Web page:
The Power of Mindfulness and Meditation for Caregivers
How a meditation practice helps this NMO mom process difficult emotions
When my daughter Bella was diagnosed with NMO in 2017, our world was turned upside down. One day Bella was a happy, healthy 9-year-old without a care in the world, and the next, she was admitted to the hospital. The following six weeks were full of many unknowns, and the trauma I experienced still creeps up on me to this day.
In the years since Bella was diagnosed, I’ve tried a variety of things, including talk therapy and medication, to cope with the trauma and stress of NMO. I work hard to keep my mind clear and focused so that I can make the best decisions for Bella and be an example for her.
While talk therapy and medication helped relieve some of my anxiety, I felt they weren’t doing enough. So a little over a year ago, I began practicing mindfulness and meditation.
I’ve found that meditation is to the mind what physical exercise is to the body. Meditation can help calm anxiety and bring your mind into the present moment, which is especially helpful when dealing with a traumatic or stressful situation.
I began practicing meditation during a wellness session at work. We began by finding a comfortable spot to sit and focus on our breathing. Next, we worked on relaxing, being kind to our wandering thoughts, and focusing on the present moment. We did this for 20 minutes, and when we were done I felt as energized and refreshed as I would feel after a two-hour nap. From that moment on, I was hooked.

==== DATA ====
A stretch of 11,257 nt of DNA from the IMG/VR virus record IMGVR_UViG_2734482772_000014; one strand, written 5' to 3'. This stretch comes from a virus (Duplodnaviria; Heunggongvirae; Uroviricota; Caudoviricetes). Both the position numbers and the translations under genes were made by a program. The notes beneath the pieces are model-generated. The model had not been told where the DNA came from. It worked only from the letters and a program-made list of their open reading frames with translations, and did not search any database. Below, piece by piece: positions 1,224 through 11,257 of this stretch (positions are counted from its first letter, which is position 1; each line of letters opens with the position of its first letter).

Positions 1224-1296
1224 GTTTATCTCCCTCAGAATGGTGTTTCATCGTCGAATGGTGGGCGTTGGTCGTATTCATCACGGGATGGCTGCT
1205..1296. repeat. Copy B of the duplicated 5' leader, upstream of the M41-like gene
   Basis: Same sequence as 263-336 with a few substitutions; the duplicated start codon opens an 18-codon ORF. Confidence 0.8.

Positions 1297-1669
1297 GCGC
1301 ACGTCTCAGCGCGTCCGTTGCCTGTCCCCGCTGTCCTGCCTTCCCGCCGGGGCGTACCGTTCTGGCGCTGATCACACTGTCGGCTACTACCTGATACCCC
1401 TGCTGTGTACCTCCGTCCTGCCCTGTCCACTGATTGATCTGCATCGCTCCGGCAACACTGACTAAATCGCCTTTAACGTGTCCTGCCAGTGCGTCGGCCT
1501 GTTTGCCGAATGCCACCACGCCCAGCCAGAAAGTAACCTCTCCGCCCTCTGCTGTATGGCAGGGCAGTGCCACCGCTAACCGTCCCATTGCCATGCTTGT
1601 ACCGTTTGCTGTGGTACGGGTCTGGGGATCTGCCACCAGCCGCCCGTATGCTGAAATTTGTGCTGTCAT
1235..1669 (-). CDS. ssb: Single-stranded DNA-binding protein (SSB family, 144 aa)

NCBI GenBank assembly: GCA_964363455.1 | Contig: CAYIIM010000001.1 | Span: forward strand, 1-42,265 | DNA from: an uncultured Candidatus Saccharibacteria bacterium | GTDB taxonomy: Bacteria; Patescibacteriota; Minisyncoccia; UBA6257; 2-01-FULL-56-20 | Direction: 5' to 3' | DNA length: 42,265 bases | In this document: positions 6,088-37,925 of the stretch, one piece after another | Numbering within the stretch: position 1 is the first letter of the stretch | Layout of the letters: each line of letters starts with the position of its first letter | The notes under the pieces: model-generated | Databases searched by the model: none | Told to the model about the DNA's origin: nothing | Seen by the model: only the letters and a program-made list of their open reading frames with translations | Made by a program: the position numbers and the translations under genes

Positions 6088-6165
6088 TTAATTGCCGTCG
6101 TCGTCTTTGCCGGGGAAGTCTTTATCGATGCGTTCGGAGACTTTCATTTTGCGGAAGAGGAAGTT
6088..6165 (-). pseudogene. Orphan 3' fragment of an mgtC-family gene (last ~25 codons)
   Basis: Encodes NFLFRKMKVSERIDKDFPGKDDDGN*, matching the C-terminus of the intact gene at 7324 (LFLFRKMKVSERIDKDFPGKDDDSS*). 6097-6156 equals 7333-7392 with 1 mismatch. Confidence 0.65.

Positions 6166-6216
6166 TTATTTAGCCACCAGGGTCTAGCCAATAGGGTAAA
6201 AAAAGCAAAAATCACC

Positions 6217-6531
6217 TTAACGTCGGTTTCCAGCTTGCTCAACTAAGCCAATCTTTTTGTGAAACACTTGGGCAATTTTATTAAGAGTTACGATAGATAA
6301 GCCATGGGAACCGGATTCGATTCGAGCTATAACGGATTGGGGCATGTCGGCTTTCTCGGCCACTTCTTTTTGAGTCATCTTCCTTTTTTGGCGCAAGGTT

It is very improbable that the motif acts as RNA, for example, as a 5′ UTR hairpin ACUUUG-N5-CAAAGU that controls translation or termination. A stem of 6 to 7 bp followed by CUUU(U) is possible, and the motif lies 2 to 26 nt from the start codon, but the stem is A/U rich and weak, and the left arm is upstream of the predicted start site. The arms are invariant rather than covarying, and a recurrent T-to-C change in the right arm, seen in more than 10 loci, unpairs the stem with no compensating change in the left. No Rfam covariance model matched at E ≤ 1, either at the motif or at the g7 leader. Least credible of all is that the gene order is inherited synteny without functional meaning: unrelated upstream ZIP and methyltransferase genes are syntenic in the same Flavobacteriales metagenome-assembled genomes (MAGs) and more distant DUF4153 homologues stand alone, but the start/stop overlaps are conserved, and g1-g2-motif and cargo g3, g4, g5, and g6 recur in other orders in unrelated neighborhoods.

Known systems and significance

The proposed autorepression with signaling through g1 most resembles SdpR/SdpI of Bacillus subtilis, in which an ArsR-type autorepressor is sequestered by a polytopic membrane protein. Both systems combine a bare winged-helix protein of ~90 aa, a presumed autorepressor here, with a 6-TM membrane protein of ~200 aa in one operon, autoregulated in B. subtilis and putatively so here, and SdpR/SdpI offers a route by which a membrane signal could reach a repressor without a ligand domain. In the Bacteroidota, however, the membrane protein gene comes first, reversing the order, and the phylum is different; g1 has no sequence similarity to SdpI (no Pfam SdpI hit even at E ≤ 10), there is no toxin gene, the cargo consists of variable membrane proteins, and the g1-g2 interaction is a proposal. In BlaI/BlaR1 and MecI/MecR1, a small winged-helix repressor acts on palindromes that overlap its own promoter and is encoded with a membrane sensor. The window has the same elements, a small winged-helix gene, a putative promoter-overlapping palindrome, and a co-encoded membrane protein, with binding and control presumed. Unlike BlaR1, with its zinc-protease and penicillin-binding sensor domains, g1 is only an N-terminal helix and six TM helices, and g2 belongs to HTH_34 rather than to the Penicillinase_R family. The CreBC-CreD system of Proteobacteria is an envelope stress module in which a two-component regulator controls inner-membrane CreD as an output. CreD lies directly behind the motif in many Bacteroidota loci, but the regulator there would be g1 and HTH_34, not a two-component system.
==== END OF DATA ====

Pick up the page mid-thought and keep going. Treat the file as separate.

There are a few ways to begin the practice of meditation. Guided meditations are led by a teacher who helps lead you to a state of relaxation. This can be done either in person or virtually. There are also many books about meditation. My favorite is “The Miracle of Mindfulness: An Introduction to the Practice of Meditation” by Thich Nhat Hanh, who explains how to engage in the practice at any point during the day.
Meditation has provided relief for both Bella and me in ways I never would’ve imagined. The mind can sometimes play tricks and bring back difficult memories, but meditation helps me process them. For Bella, the practice helps keep her calm during dreaded needle pokes when she receives her monthly intravenous immunoglobulin infusions.
Meditation is hope, and according to Hanh, “Hope is important because it can make the present moment less difficult to bear. If we believe that tomorrow will be better, we can bear a hardship today.”
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